At yesterday’s CRC work session, which as Chris noted was intended to be about issuing a Land Use Final Order, instead got diverted to the subject of financing, and in particular, the subject of phasing the CRC project which was suggested last week by The Oregonian
Bottom line: The Metro council wasn’t keen on the idea, as the project FEIS is about to be published–and it only includes one phasing option. In this phasing propsal, most of the project would be completed, including the entirety of the bridge itself, the Yellow Line extension to Clark College, and most of the interchange work on I-5 in the ‘Couv. In phase 2 a few additional ramp improvements are built. Needless to say, this phasing would do little to improve the financial situation of the project.
Any other phasing proposals, it was pointed out, would require the FEIS to be modified, and likely cost many more years and dollars beyond the $130 million or so already spent on
public relationsanalysis and design. (When phased projects are built, federal regulations require that each phase have “independent utility”, so that if succeeding phases are cancelled, the public isn’t stuck with a white elephant, and so public officials don’t go and do the least important parts first, knowing they are more likely to get the whole thing done than if they do the most important parts first. At least, in theory).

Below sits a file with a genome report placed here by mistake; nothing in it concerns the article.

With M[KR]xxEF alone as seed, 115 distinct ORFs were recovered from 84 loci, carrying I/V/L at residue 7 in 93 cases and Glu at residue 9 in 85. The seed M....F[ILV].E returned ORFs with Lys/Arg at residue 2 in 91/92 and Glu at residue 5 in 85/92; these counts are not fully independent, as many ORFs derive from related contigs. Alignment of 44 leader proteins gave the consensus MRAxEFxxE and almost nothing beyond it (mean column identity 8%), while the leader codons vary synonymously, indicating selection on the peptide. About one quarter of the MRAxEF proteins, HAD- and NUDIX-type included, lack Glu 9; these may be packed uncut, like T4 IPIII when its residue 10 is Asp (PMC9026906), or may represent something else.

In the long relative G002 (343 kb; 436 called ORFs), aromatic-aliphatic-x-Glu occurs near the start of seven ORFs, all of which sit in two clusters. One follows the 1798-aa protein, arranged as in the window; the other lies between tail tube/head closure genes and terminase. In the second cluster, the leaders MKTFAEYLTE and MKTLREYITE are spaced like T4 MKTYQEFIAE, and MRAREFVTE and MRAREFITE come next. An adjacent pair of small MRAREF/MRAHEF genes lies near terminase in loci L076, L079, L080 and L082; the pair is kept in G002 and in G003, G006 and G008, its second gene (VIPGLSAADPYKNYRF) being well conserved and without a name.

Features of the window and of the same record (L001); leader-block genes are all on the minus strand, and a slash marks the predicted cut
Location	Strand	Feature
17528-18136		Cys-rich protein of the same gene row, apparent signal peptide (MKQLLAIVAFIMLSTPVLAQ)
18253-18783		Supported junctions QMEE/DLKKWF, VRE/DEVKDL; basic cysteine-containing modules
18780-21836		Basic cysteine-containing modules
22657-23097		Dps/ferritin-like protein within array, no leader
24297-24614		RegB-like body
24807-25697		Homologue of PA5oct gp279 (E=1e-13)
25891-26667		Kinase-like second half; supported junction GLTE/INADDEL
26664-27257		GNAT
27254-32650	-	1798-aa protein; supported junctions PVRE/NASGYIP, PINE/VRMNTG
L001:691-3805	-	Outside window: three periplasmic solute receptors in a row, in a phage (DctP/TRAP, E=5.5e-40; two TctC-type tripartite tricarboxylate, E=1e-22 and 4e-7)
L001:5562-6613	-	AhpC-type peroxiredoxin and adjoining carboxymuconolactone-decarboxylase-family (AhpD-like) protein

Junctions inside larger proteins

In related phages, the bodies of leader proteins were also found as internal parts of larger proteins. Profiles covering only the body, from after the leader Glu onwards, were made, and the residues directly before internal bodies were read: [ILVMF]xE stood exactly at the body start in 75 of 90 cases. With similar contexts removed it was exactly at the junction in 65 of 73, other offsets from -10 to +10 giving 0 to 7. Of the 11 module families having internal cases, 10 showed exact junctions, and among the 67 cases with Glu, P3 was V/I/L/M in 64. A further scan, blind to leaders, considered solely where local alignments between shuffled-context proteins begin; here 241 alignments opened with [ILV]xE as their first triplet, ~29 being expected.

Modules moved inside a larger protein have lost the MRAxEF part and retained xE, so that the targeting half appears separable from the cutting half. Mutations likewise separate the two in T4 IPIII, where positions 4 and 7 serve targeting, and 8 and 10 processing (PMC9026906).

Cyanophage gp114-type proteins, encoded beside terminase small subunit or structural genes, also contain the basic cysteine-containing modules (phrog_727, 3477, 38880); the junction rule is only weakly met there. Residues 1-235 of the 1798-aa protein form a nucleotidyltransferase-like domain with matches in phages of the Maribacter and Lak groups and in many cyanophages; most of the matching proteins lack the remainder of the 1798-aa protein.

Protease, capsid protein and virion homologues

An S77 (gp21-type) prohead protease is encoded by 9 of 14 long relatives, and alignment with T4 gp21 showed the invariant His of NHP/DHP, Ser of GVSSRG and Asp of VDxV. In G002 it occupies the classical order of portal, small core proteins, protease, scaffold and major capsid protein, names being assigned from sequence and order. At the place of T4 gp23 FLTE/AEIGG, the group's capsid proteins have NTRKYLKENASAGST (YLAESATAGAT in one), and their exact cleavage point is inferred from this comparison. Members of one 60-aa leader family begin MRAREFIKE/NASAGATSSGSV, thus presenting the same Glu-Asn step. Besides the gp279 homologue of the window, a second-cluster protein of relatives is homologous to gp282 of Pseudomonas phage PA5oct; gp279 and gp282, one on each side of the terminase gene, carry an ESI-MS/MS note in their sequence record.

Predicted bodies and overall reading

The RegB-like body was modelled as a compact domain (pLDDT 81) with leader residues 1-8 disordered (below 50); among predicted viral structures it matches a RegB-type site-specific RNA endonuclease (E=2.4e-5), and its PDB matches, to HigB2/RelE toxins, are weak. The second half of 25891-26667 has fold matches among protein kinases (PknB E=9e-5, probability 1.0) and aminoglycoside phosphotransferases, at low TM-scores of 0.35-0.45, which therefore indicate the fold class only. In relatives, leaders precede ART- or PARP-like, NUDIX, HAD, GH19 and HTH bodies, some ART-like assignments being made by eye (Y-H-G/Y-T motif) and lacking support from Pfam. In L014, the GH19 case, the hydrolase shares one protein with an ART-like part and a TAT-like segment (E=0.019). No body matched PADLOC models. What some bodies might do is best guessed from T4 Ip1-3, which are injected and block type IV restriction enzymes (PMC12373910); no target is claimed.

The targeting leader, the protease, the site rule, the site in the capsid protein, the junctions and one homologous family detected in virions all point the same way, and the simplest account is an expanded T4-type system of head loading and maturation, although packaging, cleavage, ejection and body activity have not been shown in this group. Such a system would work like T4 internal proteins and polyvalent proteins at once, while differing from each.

Given the present political situation in Washington, its somewhat understandable that local leaders seem eager to get a deal done, any deal, lest a mood of national austerity result in the money hose being shut off. (Of course, if there’s a default, all bets may well be off). But as we’re also finding in DC–while deadlines may result in deals getting done, they don’t often result in good ones.